3. Don’t Buy Teflon pans. Teflon, when heated to extremely high temperatures (over 600 degrees, a range that people don’t really cook at), can turn into a gas that can kill birds and make people sick. It has also been said that Teflon can be linked to infertility and cancer. I think the truth of the matter is that cooking with Teflon is probably not that bad for us since the PFOAs linked to cancer and infertility don’t escape the pan after the manufacturing phase is finished. Teflon becomes a health risk when it builds in the environment during manufacturing and enters our food and water sources. Just to be careful, never cook with Teflon pans that has scratches or dents. To be SUPER careful, use an alternative nonstick such as cast iron, Green Pan (one line of Green Pan can be found at Target), Scan Pan CTX or Cusinart’s GreenGourmet line. By buying pans without PFOAs, we are sending a message that we do not want these chemicals in our environments and our bodies.

4. Eat fresh food – avoid canned foods. Back to BPA: it is in the lining of food cans. The thing about BPA is that it it great at keeping the food, especially acidic foods like tomatoes, from corroding the can and many food companies say they haven’t found an adequate alternative. The best thing is to eat fresh foods, food stored in glass or food containers with labels that state “BPA free.”

For more information about a bill trying to end BPA in food cans, click here.

5. Think about how you clean your food and kitchen. Many of the things that we use to clean our food, our kitchen and the rest of our houses actually bring chemicals in that aren’t very good for us. Chlorine bleach, when it gets warm, releases dioxins which are carcinogenic. An easy alternative in hydrogen peroxide. Many of the fragrances and other ingredients put in cleaners can aggravate asthma, especially when sprayed. There are now plenty of companies that offer “green” alternatives, the most common being Seventh Generation, Biokleen, and Ecover. I am a big fan of Biokleen’s Produce Wash and Seventh Generation’s disinfecting line. Of course, there are many people that swear that the only things you need to clean your house are lemons, vinegar, baking soda, castile soap and borax. Here’s a link to an old Real Simple article about All-Natural Cleaning Solutions.

These are just some tips related to foods and eating. I know this is a design-related blog, but we are all moms first, and as parents, we want to take care of our families and ourselves. Luckily, there are many alternatives now, at all price points, that are attractive and healthy.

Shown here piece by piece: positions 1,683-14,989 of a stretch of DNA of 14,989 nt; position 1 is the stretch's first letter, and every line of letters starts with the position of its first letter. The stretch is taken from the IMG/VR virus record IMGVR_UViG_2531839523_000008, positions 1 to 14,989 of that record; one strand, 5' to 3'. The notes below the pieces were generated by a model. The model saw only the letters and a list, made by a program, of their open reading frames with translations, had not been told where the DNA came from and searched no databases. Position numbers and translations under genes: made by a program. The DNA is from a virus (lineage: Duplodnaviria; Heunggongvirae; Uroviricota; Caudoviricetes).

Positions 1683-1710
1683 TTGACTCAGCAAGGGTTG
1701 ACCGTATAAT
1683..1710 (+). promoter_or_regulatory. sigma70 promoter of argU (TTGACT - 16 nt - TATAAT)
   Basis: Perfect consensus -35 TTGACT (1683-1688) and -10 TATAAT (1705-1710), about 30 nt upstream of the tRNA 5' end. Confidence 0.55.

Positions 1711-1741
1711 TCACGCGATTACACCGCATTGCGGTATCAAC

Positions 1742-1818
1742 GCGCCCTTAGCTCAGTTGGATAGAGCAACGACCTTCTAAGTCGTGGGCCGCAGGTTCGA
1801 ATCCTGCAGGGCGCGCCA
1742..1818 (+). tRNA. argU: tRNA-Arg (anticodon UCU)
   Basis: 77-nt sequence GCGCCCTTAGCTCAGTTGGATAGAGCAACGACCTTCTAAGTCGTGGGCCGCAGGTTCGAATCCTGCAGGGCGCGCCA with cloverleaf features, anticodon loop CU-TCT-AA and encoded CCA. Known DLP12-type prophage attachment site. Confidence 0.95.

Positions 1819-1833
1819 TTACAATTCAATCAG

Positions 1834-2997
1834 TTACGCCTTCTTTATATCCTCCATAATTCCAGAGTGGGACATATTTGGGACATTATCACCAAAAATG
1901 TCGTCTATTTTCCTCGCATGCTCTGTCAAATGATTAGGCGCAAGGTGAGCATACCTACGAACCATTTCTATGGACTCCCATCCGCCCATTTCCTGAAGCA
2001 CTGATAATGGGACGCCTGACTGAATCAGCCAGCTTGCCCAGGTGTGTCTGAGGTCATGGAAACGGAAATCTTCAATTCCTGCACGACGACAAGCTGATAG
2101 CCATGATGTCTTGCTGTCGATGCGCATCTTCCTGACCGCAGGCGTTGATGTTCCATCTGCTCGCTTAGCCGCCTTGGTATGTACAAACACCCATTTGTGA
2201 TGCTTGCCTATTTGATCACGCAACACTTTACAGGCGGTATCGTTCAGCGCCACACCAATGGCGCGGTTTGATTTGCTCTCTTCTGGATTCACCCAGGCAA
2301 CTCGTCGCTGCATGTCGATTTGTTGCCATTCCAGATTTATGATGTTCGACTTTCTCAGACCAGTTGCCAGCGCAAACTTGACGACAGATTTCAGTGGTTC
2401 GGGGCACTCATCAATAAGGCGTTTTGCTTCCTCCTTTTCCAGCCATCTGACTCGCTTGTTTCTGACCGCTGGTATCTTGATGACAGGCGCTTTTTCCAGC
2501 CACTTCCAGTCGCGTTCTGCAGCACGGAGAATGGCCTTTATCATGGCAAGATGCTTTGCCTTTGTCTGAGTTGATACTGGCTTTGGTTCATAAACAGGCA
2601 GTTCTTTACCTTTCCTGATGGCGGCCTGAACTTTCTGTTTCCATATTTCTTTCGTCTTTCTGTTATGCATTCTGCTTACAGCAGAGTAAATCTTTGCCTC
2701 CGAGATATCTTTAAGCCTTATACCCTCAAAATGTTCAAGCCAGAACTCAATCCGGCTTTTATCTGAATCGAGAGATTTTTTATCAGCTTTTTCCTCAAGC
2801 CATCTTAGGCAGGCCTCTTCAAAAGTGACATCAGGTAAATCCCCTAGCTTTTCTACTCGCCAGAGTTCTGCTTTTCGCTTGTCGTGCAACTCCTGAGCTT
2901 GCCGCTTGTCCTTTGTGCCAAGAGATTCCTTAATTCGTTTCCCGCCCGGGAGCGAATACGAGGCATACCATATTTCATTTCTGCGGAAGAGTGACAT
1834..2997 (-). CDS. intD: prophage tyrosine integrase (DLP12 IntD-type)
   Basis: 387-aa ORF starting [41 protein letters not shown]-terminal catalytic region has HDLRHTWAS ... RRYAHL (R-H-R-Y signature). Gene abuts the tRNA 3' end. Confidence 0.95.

For more information:

Healthy Child Healthy World

Avoid These ‘Dirty Dozen’ Toxic Chemicals

NYTimes: Cancer From the Kitchen?

NYTimes: New Alarm Bells About Chemicals and Cancer

NYTimes: Chemicals in Our Food, Our Bodies

Pesticides, ADHD, and Personal Health: Why We Can’t Always Control What Happens to Our Brains and Bodies

Dr.Greene.com

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Father’s Day Fotos: Three’s Company

by Cat on June 18, 2010



above: Designing Mom Erin’s lovable trio at play.

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Shop: Piece

by Cat on May 3, 2010

by Designing Mom Erin of Piece

I began writing for Designing Moms with so many great ideas about sharing my passion for green design and then almost immediately became super busy with some projects I’ve been working on. One of those projects is opening up a shop on Big Cartel. I translated sketches into organic cotton that I then cut out and appliqued onto items of clothing. So far, the site only has onesies, but I am working on kids’ t-shirts and then I will move onto adults. It all would have been much faster if I had used Big Cartel’s templates, but as a designer, I want everything to be custom – I want to design all the components. Luckily for me, I have a husband who can turn my photoshop layouts into a working webpage. The poor guy – the only free time he has had after the kids go to sleep has been eaten up by my projects. But now he feels just as invested in the project as I do. So here it is: www.piece.bigcartel.com.